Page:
Capitalism, Politics and Railroads in Prussia 1830-1870, by James M. Brophy
Published by Ohio State University Press in 1998, 273 pages. Hardback with Dust Jacket, ISBN 9780814207512 (S8295B)
From the rear side cover: This work examines the politics of money making in the railroad industry and the relationship of railroad entrepreneurs with the conservative Prussian state during the industry's critical phase of growth and consolidation. James M. Brophy explores the pivotal role the business politics of the railroad industry played in Prussian industrialization, state building, and bourgeois political culture.
Orthodox interpretations maintain that the bourgeois defeat in the Revolution of 1848 led to an alliance between business and government in which entrepreneurs capitulated to a pre industrial order, trading political docility for economic concessions. This alliance is claimed to have laid the foundation for Germany's flawed political and economic modernization, providing the socioeconomic cement that solid ified the position of the old order against change in the new age of industrial capitalism.
Brophy reveals the inadequacies of the alliance thesis, especially its treatment of bourgeois economic and political agency, and presents instead a new interpretation of the relationship between early capitalism and the changing conservatism of Prussia. Using the railroad industry as the basis on which to construct a larger argument about the role of the capitalist class in reconstituting the Prussian-Gerrnan state, Brophy breaks new ground in locating the informal, bureaucratic, and parliamentary political spheres business men infiltrated and the legislative issues they influenced.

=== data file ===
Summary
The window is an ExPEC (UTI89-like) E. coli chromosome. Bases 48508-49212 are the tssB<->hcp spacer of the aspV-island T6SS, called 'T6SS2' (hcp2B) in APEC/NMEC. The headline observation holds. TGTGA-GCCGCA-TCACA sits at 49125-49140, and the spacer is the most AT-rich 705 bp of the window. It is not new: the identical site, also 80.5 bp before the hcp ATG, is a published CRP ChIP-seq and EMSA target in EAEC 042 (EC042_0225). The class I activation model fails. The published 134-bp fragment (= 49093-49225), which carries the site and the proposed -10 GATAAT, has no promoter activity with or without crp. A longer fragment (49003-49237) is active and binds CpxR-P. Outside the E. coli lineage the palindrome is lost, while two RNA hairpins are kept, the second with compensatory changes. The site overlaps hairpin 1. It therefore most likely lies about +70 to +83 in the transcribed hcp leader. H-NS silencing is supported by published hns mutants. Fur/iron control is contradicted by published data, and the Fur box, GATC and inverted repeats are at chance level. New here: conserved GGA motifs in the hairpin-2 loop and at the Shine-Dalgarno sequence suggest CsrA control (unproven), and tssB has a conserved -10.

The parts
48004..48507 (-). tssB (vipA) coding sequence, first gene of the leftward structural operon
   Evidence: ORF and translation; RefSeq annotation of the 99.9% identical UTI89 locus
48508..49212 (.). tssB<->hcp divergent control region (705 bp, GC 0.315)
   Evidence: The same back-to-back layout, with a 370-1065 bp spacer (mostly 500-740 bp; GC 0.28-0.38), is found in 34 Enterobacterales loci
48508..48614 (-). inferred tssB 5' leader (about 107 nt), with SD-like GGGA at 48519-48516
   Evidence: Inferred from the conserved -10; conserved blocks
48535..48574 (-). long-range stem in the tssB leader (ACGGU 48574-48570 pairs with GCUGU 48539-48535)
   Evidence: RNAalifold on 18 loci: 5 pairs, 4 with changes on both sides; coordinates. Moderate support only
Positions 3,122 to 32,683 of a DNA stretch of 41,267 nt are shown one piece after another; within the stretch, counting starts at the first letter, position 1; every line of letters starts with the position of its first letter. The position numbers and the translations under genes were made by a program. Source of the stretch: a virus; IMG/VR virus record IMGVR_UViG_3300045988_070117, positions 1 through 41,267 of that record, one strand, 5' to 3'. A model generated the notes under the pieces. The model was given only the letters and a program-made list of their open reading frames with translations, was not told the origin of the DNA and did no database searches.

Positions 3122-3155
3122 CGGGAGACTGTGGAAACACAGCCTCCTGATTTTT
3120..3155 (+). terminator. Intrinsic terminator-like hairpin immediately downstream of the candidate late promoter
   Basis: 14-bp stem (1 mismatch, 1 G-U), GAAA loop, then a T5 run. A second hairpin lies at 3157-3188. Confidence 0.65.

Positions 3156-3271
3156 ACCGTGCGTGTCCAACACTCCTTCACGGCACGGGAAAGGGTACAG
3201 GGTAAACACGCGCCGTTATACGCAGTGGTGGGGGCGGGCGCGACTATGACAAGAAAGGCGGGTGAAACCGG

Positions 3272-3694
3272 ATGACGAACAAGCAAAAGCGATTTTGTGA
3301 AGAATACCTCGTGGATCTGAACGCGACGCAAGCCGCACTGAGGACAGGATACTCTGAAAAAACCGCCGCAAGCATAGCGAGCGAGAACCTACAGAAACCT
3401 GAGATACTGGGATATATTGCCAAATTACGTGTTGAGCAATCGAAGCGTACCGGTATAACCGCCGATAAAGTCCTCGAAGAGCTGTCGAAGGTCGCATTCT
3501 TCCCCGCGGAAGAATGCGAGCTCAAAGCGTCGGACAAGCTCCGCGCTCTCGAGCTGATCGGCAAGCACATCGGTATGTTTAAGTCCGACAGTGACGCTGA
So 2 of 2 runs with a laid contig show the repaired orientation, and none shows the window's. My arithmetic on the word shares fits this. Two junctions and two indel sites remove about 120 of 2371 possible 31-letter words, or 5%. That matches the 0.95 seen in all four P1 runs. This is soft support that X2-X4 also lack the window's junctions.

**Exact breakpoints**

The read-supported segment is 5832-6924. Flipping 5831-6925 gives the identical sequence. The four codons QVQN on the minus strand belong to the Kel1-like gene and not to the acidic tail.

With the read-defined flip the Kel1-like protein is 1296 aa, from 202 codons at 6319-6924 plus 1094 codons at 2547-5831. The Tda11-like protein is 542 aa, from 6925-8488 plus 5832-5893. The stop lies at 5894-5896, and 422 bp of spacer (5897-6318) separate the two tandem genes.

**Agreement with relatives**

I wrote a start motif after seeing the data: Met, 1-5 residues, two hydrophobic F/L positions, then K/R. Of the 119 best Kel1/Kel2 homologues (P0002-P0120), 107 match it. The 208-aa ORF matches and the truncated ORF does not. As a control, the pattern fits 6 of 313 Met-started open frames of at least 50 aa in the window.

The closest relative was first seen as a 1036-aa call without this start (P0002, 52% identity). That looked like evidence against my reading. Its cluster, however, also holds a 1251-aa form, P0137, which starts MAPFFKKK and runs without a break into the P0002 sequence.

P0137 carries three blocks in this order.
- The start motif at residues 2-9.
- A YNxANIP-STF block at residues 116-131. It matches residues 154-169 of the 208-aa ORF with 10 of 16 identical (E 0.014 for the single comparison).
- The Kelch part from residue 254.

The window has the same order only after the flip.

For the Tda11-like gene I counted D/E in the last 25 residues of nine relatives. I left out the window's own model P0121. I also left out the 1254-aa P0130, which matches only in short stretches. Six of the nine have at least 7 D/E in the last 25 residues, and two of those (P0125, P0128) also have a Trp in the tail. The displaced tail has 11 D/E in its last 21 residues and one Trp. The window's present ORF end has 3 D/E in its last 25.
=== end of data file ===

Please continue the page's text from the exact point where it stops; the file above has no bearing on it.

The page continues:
The condition of the book is generally very good. The dust jacket has one or two minor scuffs and some light wear along the edges and corners, as well as a couple of scratches on the rear side, but the spine is tight and intact, and all pages are clean, intact, unblemished and tightly bound.